The Pentagon will start openly green-lighting new transgender recruits next week unless a last-ditch effort from the White House results in a new level of judicial intervention from the Supreme Court.
President Donald Trump tweeted in July that the federal government ‘will not accept or allow transgender individuals to serve in any capacity in the U.S. military.’
Trump at the time also called on the military to ‘discharge’ transgender personnel and halt funding of ‘sex reassignment surgical procedures.’
That appeared to reverse a 2016 policy change under President Barack Obama, who allowed biological males living as females – and vice-versa – to serve openly.
In July, Trump tweeted that he had decided he would “not accept or allow transgender individuals to serve in any capacity in the U.S. military.” The tweet came with little, if any, advance consultation with military officials, who have not shown much enthusiasm for reinstating the ban.
President Donald Trump got coal in his stocking from a handful of federal courts that won’t let him ban transgender recruits from joining America’s armed forces
Transgender politics have become front and center this year with Trump as president; notable transgenders Chelsea Manning and Gavin Grimm are shown riding in New York’s ‘Pride’ parade this year
The Pentagon’s top general, James ‘Mad Dow’ Mattis, has been forced to side with a 2016 Obama administration directive instead of listening to his own commander-in-chief
But court battles followed, climbing the ladder up to a three-judge panel of the U.S. Court of Appeals for the District of Columbia.
Those judges ruled against the administration just before Christmas, leaving the U.S. Supreme Court as Trump’s only hope to stand his ground.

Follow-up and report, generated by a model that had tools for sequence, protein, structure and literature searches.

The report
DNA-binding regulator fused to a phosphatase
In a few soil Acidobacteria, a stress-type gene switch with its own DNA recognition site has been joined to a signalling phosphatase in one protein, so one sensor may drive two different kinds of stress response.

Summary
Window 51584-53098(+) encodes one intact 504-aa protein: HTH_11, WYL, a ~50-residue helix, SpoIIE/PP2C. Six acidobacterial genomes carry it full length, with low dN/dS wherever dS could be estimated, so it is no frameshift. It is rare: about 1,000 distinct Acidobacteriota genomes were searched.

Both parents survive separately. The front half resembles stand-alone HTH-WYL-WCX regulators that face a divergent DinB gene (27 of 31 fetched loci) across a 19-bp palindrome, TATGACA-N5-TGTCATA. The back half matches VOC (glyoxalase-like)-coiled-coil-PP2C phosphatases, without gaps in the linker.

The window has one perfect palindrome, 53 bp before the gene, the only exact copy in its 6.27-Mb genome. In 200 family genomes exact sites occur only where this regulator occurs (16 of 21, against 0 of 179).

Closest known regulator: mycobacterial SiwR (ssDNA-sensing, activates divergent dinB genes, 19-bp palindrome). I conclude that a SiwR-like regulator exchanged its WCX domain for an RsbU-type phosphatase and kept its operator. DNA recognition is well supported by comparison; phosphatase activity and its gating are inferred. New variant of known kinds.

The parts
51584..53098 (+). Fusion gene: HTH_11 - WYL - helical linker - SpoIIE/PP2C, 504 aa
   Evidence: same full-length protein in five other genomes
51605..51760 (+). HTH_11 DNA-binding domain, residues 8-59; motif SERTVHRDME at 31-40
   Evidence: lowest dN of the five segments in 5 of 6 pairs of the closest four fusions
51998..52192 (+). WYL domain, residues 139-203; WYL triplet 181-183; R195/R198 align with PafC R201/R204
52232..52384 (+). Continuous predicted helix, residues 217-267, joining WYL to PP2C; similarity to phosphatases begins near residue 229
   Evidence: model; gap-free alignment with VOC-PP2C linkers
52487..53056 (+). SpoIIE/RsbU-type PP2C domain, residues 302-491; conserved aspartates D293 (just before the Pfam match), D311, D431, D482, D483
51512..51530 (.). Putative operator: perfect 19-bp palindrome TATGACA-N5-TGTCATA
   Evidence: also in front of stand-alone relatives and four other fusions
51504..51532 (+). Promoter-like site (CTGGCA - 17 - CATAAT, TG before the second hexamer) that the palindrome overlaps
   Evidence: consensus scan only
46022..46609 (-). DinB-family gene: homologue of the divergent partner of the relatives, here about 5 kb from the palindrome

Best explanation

Barring an order from the high court, U.S. service branches will be required to ignore the president’s tweets and process transgender enlistments beginning January 1.
At least four federal judges have refused to allow Trump’s ban to take effect, including U.S. District Judge Jesus G. Bernal in California.
On Friday Bernal rejected the Trump administration’s request to throw out a lawsuit attacking the ban.
Bernal agreed with seven plaintiffs that they were improperly discriminated against based on their sex or gender.
The Pentagon is already preparing for the sea change; one memo distributed to commanders orders them to address recruits by the names and gender pronouns they prefer
On the same day, a pair of federal appeals courts – the D.C. court and one in Richmond, Virginia – both refused requests for emergency ‘stays’ that would have stopped the Defense Department from accepting transgender applications on January 1.
The administration’s lawyers ‘have not shown a strong likelihood that they will succeed on the merits of their challenge to the district court’s order,’ the D.C. judges wrote.
Trump tweeted in July that the federal government ‘will not accept or allow’ transgender individuals to serve ‘in any capacity’ in the military but federal courts have stopped him
‘It must be remembered,’ the trop added, that the plaintiffs want ‘to serve their nation with honor and dignity, volunteering to face extreme hardships, to endure lengthy deployments and separation from family and friends and to willingly make the ultimate sacrifice of their lives if necessary.’
A Justice Department spokeswoman, Lauren Ersham, responded with a brief statement: ‘We disagree with the court’s ruling and are currently evaluating our next steps.’
The Pentagon is already preparing for the sea change. One memo distributed on December 8 to sector and battalion commanders advises them on ‘transgender applicant processing.’
‘As always, every applicant will be treated with dignity and respect,’ it said, ordering officers to address recruits by the names and gender pronouns they prefer.